the major networks uh
don’t always believe what you see on tv
because it might not be
pardon how did you get into the vietnam
the vietnam uh was something
in china beach in fact i started to hear
these stories
uh back when i was a teenager in south
florida in the 60s and some of the older
ones were coming back and we were all
and one told me a story of going to
cameron bay because there was other
beaches besides china beach
is just the most famous and it has good
surf and there’s but there’s a lot of
other spots as well
and um i just thought it was amazing
this guy ended up
got a wound and uh they decided not to
send them home and heard he was a
lifeguard in fort lauderdale he ended up
being a lifeguard at cameron bay for six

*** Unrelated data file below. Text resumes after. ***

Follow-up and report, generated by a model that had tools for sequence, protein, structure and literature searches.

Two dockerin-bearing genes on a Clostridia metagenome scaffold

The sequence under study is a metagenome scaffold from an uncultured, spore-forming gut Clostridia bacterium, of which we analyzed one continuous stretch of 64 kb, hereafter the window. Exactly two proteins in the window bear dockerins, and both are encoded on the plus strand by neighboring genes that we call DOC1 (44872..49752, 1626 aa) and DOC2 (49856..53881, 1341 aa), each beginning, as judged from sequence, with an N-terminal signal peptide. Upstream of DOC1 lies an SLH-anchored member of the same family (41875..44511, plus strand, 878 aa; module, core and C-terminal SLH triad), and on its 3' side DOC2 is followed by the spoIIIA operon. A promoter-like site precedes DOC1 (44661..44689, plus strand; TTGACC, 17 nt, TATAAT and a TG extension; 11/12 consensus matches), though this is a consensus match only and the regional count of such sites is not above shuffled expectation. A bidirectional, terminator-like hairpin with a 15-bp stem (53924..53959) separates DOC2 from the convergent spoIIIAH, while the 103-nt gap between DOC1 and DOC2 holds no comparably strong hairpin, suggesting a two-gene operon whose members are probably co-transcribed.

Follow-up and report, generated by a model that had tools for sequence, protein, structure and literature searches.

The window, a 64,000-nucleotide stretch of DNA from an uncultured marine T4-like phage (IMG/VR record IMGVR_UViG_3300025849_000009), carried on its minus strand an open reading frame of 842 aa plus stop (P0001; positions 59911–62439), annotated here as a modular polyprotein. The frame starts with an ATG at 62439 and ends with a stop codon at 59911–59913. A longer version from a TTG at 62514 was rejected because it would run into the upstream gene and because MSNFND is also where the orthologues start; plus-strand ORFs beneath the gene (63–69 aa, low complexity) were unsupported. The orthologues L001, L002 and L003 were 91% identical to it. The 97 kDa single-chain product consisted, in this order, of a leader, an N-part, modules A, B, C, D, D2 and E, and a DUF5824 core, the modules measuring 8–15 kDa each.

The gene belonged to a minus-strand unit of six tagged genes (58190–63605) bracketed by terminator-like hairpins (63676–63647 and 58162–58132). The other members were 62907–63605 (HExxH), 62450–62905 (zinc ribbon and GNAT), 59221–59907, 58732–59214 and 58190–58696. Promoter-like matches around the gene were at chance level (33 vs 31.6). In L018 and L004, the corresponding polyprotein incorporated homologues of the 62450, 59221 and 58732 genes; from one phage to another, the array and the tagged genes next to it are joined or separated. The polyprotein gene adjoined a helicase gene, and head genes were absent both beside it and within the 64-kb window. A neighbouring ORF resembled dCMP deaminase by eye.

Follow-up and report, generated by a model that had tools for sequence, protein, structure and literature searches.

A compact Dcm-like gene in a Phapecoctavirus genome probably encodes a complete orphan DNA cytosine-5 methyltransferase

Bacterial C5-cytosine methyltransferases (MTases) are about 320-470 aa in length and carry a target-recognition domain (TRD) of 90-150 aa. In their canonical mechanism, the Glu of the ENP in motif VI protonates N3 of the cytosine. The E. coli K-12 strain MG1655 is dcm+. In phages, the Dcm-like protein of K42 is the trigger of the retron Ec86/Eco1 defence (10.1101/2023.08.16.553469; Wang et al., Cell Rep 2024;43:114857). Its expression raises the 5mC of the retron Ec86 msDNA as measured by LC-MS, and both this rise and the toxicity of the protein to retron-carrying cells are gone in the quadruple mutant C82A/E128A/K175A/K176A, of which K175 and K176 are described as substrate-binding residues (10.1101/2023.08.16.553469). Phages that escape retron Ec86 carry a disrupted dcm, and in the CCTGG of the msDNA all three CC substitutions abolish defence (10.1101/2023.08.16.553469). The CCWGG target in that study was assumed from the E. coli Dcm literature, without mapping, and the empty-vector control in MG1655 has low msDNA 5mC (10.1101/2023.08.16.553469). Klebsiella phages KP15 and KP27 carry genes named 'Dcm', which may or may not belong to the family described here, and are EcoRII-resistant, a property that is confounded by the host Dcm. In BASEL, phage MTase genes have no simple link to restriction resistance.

months and dodge rockets all the time
so i began to hear these stories and i
began to ask questions and i’ve always
been a a student of history and and
always interviewing people and trying to
find out what what really happened
what’s the real story you got any
photographs of it you got an eight
millimeter film
so time went on and um
most of us know about apocalypse now
when that film came out and uh
maybe it’s
not all true but some is true you guys
are there i wasn’t but the thing about
surfing in battle uh that did happen uh
to a point maybe not exactly the way it
was in that film
and um
so when i moved to pensacola and hooked
up with dave barnes i began to tell him
these stories and the tv show
in 88 came out china beach and a lot of
people don’t know the tv show was
actually the the consultants to the show
were vietnam veterans this was not like
even though mash was a funny